Picture 1: www.flickr.com from quinet's photostream
Picture 2: www.flickr.com from goldberg's photostream
This painting, by German native Emanuel Leutze, is a compilation of ideals regarding the conquest of the American West. Each portion of the scenery depicts common examples of both struggles and achievements of exploring the west. In the foreground, settlers begin to see the landscape of their destination: the coastline of the Pacific Ocean. These figures, including the guide, point to their ultimate goal with expressions of joy, satisfaction, and relief. Just beyond the foreground, other settlers are portrayed in manners of exerting physical and mental anguish. Note the burial cross and recently deceased. Centered, atop a soaring peak, two settlers climb and wave victoriously over their feat. Also take notice of the placement of major landmarks; Pacific Ocean (left), plateaus (center), and Rocky Mountains (Right).
The surrouding framework consists of small scenes which exemplify the earlier stages of the conquest for he west. The two lower corner portaits, Daniel Boone (left) and William Clark (right), portray the merging of unique cultures in America. Clark wears clothing made of furs and hides in the manner of Native Americans.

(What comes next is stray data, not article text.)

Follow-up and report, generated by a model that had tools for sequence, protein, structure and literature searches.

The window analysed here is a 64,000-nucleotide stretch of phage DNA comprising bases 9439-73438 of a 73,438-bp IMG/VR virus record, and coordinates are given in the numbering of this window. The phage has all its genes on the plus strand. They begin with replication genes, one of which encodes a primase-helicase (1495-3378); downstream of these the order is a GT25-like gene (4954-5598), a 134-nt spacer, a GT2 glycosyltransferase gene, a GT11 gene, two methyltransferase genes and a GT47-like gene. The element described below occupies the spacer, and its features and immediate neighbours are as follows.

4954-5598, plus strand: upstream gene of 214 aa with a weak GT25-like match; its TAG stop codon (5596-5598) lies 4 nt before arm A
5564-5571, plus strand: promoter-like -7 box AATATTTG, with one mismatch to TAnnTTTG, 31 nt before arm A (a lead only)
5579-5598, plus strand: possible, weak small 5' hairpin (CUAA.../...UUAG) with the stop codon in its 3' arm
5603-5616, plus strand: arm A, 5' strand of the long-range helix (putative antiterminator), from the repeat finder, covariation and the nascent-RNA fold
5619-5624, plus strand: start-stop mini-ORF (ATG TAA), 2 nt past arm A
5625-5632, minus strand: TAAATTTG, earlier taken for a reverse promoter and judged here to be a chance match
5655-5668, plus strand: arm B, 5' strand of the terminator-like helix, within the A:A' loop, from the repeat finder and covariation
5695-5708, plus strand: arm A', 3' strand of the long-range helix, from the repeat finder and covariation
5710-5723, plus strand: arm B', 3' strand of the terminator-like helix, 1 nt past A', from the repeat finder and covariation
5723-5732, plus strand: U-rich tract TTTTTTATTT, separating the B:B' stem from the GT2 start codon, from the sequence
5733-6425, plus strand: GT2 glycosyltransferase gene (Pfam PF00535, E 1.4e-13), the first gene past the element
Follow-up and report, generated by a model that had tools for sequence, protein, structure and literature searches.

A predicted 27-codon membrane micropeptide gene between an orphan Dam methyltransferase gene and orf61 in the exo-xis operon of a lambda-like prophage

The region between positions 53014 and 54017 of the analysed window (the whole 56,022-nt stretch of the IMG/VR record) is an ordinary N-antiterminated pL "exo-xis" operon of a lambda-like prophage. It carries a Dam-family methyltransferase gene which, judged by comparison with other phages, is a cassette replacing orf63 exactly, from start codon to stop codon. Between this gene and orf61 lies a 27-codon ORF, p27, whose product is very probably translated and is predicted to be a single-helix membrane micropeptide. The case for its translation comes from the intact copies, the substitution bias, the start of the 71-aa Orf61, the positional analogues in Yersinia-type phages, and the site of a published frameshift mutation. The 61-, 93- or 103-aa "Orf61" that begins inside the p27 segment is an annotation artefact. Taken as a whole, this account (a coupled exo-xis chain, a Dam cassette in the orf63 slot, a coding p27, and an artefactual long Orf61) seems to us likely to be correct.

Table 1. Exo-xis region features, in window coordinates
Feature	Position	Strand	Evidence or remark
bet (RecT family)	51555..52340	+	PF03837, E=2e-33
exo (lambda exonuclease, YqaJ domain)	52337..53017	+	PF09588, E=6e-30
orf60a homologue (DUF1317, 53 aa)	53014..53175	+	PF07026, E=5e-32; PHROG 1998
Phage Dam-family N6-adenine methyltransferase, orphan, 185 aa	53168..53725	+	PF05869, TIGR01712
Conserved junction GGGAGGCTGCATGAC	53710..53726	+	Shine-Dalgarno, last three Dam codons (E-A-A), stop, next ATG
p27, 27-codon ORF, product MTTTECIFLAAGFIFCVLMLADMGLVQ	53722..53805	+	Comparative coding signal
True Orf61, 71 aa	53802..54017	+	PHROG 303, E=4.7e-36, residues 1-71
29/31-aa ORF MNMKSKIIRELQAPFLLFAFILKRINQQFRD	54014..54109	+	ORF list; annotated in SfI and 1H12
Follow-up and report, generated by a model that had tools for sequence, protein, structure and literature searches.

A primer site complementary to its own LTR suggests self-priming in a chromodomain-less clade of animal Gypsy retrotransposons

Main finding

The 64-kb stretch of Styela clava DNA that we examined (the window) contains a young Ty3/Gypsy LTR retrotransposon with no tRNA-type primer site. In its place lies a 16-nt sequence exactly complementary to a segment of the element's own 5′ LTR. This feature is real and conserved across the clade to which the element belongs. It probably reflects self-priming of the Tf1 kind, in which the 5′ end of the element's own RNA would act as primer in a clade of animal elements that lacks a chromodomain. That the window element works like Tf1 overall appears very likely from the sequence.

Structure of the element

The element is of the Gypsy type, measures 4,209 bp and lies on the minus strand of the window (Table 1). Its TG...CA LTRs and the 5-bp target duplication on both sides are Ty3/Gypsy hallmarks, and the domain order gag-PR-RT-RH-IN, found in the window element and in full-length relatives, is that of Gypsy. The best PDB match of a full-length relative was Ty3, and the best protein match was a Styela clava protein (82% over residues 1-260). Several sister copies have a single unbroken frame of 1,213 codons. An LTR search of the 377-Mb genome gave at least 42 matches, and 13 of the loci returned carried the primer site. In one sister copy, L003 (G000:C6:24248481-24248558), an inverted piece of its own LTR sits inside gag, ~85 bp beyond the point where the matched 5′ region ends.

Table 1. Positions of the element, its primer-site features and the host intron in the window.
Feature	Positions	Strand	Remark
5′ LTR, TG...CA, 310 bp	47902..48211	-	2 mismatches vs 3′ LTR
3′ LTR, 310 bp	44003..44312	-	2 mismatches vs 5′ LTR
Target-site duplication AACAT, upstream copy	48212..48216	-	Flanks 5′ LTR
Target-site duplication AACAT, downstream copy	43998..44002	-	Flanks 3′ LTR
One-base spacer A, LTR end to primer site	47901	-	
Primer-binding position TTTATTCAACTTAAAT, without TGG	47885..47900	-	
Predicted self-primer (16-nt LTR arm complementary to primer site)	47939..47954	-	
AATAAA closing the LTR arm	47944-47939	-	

The real life aspect is greatly shown through because Lilly Martin Spencer actually used her family as models. The painting is as natural as a photograph, especially in "Kiss Me and You'll Kiss the 'Lasses" (1856). Which also has a darker background, with the woman standing out, cooking.
This image caught my attention because of the practical aspect of 19th century domestic "responsibilities." It really shows how hard women worked, yet it shows her in a nice blue dress, which is what women would have chosen to wear while cooking/cleaning house.